Thursday, September 10, 2009

Len Lye - The Book

Image Courtesy Govett-Brewster Gallery & Len Lye Foundation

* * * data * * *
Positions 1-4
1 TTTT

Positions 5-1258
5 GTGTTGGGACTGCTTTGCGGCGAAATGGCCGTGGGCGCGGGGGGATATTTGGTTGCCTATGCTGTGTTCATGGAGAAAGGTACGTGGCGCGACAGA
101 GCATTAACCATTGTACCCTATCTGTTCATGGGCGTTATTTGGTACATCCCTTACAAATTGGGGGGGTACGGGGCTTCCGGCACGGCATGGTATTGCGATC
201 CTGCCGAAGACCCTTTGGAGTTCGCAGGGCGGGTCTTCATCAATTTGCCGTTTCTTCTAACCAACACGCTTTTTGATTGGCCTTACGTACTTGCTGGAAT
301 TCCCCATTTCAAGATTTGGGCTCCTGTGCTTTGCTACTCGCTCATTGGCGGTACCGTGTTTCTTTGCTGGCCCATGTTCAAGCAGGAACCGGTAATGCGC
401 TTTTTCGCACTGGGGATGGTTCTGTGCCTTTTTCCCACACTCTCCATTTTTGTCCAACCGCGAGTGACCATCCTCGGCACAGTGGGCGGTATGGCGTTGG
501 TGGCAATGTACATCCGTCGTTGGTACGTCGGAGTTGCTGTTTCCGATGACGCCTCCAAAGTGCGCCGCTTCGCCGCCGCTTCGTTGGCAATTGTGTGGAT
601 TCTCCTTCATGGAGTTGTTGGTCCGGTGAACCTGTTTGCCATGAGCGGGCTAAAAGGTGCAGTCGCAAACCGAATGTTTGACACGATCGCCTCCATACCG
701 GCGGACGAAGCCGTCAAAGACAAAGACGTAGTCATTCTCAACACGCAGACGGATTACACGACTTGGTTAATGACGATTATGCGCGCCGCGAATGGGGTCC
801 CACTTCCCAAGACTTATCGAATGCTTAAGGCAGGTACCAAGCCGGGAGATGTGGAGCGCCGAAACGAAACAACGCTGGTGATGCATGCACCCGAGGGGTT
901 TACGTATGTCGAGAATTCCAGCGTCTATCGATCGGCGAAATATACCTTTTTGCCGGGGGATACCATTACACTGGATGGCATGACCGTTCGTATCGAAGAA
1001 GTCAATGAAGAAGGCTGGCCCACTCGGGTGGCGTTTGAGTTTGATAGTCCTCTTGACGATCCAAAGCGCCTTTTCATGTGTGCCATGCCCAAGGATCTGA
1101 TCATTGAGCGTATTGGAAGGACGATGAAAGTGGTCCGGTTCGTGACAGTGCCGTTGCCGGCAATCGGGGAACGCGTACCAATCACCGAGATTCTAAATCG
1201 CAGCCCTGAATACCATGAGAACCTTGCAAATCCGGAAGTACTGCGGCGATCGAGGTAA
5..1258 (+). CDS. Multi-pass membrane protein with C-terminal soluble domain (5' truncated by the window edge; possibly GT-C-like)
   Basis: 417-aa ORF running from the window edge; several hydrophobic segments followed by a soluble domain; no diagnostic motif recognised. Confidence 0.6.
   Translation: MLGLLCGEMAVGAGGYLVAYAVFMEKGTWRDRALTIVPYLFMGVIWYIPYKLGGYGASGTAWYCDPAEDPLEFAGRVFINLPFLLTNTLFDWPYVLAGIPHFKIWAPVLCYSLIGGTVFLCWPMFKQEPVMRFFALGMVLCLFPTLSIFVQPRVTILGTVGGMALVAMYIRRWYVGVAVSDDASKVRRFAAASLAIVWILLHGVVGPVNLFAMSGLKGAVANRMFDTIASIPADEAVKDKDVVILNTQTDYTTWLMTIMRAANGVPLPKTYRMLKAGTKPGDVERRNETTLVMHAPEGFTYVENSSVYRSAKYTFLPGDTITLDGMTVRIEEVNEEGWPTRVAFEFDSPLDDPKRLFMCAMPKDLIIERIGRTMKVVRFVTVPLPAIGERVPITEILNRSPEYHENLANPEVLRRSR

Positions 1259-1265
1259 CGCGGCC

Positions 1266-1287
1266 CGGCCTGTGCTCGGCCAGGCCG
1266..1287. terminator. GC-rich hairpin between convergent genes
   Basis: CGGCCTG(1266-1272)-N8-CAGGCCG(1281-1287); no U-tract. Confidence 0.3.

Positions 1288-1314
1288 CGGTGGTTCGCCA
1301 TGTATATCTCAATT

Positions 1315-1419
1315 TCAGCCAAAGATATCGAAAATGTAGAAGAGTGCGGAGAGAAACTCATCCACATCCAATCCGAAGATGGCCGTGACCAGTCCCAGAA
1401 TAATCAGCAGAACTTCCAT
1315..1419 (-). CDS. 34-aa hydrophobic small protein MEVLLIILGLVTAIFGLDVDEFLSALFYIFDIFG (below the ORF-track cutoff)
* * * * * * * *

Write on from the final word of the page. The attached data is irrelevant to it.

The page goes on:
And so to another stunning publication from Govett-Brewster Gallery, this time in partnership with the Len Lye Foundation. Co-edited by the gallery’s Len Lye curator, Tyler Cann and poet, writer, critic, Wystan Curnow, ‘Len Lye,’ the book showcases one of New Zealand’s most inspirational and influential artists, throwing fresh light on the incredible diversity of his career. Len Lye (1901-1980) is best known in New Zealand as a kinetic sculptor but his international reputation was built around his experimental work in film. Poet, painter, experimental filmmaker and sculptor, Lye was born in Christchurch and travelled throughout the South Pacific and Australia, later working his passage to Britain on a steamship in 1926. He moved to New York in 1944. His work has featured in over 50 major exhibitions worldwide including in Paris’ Pompidou Centre, New York’s Museum of Modern Art and London’s Tate Modern. For this new look into his life and work – the most comprehensive visual presentation to date – over 1,000 new photographs were created and hundreds of them have been included in the book. The publication coincides with the largest and most comprehensive Len Lye exhibition ever, currently showing in the heart of Melbourne at the Australian Centre for the Moving Image. In addition to all of that, I love the fact that Scottish poet, Alastair Reid declared Lye “the least boring person who ever lived.” Len Lye, the book is available through bookstores nationwide and it will be officially launched at the Govett-Brewster Gallery on September 25.

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